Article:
ITV News has been told that three men from Wrexham who were thought to be missing after a devastating earthquake in Nepal are safe. A Welsh expatriate, who was also unaccounted for, has been reported safe online.
We have spoken to Joanna Hughes, the sister of Daniel Hughes, who is travelling with Jason Russell and his brother Darren Russell - all from Wrexham.
She said she had been told by the tour company they are travelling with that all three of the men are safe, and are trying to make their way to the British Embassy in Kathmandu.
The men were on a guided trekking tour, around 70km north of Kathmandu, when the earthquake struck.
Huw Alexander Lashmar, originally from Wales and now living in Australia, also appeared on missing lists. But his son has posted on Facebook that they are both safe at Kathmandu Airport.
There have also been a series of avalanches in the Everest region. Mike Hopkins, from Cardiff, was more than 20,000ft up the mountain, but has contacted his wife to say he is safe.
A team of Welsh firefighters have travelled out to help in the rescue efforts in Nepal.
More than 3,000 people have been killed, after the powerful earthquake struck on Saturday.
Two men from Wales is among those who have been reported missing following the earthquake that hit Nepal on Saturday.
57-year-old Huw Alexander Lashmar, has been listed as missing on a website set-up to help find those in the affected area.
According to the website, Huw Alexander Lashmar was last seen on Saturday in the city of Kathmandu looking for somewhere to have dinner.
Another man's name - Jason Russel from Wrexham appears on another list on a different website.
50-year-old Aidrian Summers also from Wales had been reported missing but ITV Wales understands he has made contact with the company he works for in London.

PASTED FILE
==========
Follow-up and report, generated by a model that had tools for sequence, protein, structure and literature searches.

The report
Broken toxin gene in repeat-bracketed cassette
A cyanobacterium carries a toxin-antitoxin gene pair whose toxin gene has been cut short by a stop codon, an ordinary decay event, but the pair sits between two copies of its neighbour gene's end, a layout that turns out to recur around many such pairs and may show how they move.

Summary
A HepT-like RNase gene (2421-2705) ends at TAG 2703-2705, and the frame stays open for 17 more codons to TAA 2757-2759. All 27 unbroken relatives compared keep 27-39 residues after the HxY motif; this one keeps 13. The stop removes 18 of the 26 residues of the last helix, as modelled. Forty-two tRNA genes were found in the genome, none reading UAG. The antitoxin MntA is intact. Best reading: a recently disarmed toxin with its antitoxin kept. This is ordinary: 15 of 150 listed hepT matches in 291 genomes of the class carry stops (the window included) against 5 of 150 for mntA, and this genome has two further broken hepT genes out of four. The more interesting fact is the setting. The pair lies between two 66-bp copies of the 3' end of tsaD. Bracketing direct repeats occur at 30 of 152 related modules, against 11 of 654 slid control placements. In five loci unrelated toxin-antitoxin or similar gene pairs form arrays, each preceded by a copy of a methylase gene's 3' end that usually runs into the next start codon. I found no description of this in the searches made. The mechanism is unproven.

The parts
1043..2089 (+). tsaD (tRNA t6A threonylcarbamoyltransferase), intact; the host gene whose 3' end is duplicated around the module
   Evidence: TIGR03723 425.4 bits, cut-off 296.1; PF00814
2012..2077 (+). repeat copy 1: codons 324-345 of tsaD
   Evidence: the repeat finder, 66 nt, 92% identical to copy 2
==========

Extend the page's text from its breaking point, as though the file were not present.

A third welshman Raymond Williams was also feared to be caught up, but has indicated on the website he is safe.
Rescue efforts in Nepal are continuing after the deadly earthquake killed more than 2,000 people - the country's worst earthquake disaster in more than 80 years.
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A young Welsh explorer who walked solo across Mongolia has been crowned National Adventurer of the Year.
24-year-old Ash Dykes spent 78 days crossing 1,500 miles of the Gobi Desert and the Mongolian Steppe last year - becoming the first person ever to walk across the Asian country alone.
Mongolia is the second-largest landlocked country on earth at 603,930 square miles and the most sparsely populated with only 3,133,318 people - averaging just 5.19 people to every one square mile.
Sir Ranulph Fiennes, the explorer who was first to reach both Poles, first to cross the Antarctic and Arctic Ocean, and the first to circumnavigate the world along its polar axis, praised the the young adventurer from Colwyn Bay, saying it was "an example of great determination".
Ash dragged a 120kg home-made trailer behind him all the way from the small settlement of Olggi in the West to the town of Choybalsan in the East.
It carried the dehydrated food ration packs, 25 litre water butt and camping equipment he needed on his trek.
His longest day of walking saw him on his feet for 14 hours as he covered 55km. And he reached a peak altitude of 2,700m along the way.
The National Adventure Awards are a celebration of the very best of international adventure by people across the UK - and Ash was crowned National Adventurer of the Year after a public vote, coming out on top from 39 other competitors.
"I feel humbled to have received the most votes. I would like to say how proud I feel and I didn't expect such support from the public...I am in preparation for my next world first adventure now. It is something no one has done before and I will be revealing it very soon."
A soldier from Wales is among a group of injured servicemen and women who will take part in a 1,000-mile walk around the UK this summer.
Former Royal Welsh commander Lt Col Stewart Hill suffered a traumatic brain injury after an explosion in Afghanistan in 2009.
The trek will be in aid of the charity Walking With The Wounded and was launched by the charity's Patron Prince Harry earlier today.
David Wood's report contains flash photography:
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